TOURISM IN JAPAN WORRIED ABOUT THE LACK OF CHINESE TOURISTS
.TR Top Weekly Tourism News | 2016-09-05
The sudden decrease of inflow of Chinese tourists is troubling Japanese tourism sector. Statistically, Japan had been doing well in the first half of 2016. The country registered an inflow of 11.7 million people and an increase of 28.2% compared to last year, according to the Japan National Tourism Organization. Chinese tourists represented a significant part of this inflow, with 3.1 million of them visiting Japan from January to June. But now it seems that the Chinese ecstasy for Japan has come to an end.
“Chinese tourists are a vital group of foreign visitors to Yanaka Ginza, a business street in Tokyo. But in the past two months the number of Chinese tourists has fallen,” said Seki Syouhei, the owner of a shop selling tea sets in Yanaka Ginza. The rise of the yen is widely regarded as the main reason for the sudden stagnation. In the first half of 2016, the yen strengthened by about 30 percent against the yuan.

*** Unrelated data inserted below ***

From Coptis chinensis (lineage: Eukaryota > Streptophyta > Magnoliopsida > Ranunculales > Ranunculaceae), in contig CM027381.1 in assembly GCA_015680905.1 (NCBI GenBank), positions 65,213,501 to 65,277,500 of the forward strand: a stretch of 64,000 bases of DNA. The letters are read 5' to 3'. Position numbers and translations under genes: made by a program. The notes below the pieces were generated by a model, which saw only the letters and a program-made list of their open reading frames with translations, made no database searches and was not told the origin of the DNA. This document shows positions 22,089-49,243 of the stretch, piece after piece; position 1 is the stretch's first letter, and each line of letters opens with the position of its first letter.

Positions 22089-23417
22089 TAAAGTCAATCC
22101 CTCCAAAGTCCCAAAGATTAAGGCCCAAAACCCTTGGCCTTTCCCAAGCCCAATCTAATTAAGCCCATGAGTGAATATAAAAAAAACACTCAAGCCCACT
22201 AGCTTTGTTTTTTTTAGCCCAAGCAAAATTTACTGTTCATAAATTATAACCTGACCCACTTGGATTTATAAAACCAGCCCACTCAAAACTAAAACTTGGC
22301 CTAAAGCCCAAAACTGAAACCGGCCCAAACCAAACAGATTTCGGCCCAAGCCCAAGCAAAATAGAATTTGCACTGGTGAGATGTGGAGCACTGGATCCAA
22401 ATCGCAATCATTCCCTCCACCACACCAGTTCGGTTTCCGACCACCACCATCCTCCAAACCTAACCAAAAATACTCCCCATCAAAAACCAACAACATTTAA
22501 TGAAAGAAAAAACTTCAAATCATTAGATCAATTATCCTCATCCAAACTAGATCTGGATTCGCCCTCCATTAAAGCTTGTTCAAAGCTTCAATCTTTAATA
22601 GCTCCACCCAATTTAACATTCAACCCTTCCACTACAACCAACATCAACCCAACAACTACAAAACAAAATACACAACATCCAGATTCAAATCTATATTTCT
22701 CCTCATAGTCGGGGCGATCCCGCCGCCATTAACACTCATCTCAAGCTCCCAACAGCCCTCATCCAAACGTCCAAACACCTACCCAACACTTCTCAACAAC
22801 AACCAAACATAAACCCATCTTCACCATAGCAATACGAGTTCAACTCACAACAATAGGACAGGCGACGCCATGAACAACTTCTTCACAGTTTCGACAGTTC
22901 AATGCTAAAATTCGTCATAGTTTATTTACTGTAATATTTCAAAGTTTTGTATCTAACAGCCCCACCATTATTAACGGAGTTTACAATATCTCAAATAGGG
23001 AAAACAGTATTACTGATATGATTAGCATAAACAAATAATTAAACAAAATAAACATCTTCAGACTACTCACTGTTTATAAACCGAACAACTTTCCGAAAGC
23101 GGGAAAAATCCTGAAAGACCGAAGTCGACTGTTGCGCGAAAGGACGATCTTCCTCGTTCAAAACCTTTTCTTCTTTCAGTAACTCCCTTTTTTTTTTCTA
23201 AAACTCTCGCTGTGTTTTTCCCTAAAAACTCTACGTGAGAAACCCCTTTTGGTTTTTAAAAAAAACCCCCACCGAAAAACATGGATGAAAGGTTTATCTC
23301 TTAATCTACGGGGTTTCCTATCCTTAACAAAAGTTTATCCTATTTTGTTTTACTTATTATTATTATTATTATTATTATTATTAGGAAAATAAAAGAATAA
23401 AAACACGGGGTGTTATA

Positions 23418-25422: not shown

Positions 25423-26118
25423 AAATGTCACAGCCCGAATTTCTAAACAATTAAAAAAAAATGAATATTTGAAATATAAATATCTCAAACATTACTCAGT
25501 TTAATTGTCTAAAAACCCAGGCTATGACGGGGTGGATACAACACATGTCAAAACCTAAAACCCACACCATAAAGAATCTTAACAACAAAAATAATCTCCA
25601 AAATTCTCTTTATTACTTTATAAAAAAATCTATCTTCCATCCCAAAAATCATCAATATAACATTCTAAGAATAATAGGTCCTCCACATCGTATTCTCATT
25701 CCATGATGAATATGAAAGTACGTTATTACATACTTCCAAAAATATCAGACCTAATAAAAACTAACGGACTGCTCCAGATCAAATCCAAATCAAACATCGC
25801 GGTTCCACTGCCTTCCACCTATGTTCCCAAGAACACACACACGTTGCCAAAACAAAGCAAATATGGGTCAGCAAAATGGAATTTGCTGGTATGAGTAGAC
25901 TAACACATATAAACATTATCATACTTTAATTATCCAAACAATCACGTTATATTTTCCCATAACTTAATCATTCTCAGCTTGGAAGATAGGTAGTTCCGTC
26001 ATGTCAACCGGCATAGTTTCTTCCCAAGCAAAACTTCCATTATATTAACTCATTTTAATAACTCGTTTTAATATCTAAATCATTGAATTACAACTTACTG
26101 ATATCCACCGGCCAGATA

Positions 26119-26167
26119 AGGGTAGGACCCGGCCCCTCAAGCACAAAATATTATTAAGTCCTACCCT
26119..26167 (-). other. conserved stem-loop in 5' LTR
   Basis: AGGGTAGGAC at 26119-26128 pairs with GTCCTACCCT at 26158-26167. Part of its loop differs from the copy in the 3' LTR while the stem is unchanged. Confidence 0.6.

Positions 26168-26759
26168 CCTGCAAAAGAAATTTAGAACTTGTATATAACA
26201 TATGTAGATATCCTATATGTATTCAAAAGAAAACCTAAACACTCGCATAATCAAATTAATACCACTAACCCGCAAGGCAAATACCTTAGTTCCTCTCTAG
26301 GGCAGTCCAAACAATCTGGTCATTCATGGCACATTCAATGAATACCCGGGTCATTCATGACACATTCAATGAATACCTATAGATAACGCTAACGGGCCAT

Other than that, Chinese tourists seem to have changed their interest regarding shopping. In the past they came to Japan to buy luxury bags, cosmetics etc. However, now the revenues of Japanese department stores are falling. The total sales of the department stores in Japan reached 462.9 billion yen in May. This is a 5.1% decrease compared to last year.
Moreover, according to the JNTO from April to June, the average individual consumption of Chinese tourists was 219,900 yen ($2,148). This is a decrease of 22.9% compared to 2015.
Another reason for this rapid decline in purchases is the new tax on overseas purchases announced by the Chinese government. The tax was supposedly issued to encourage domestic spending, but it also affected several famous Japanese brands whose sales went down.
Tourism authorities in Japan are now trying to attract the Chinese tourists to less known rural areas. Minami Awaji city, located about 70 kilometers from Kobe, the capital of Hyogo, is one of the examples. The city is promoting its sights on the Chinese market and improving its infrastructure. While the city has a beautiful landscape and hot spring resources, it lacks a public transportation system. Local stores are also somewhat limited and improvements are needed in this area.
Other than that Japanese enterprises are also trying to cooperate with Chinese markets, but the effect of all this remains to be unknown for now. Considering Japan’s rather moderate economic growth, improvements are expected.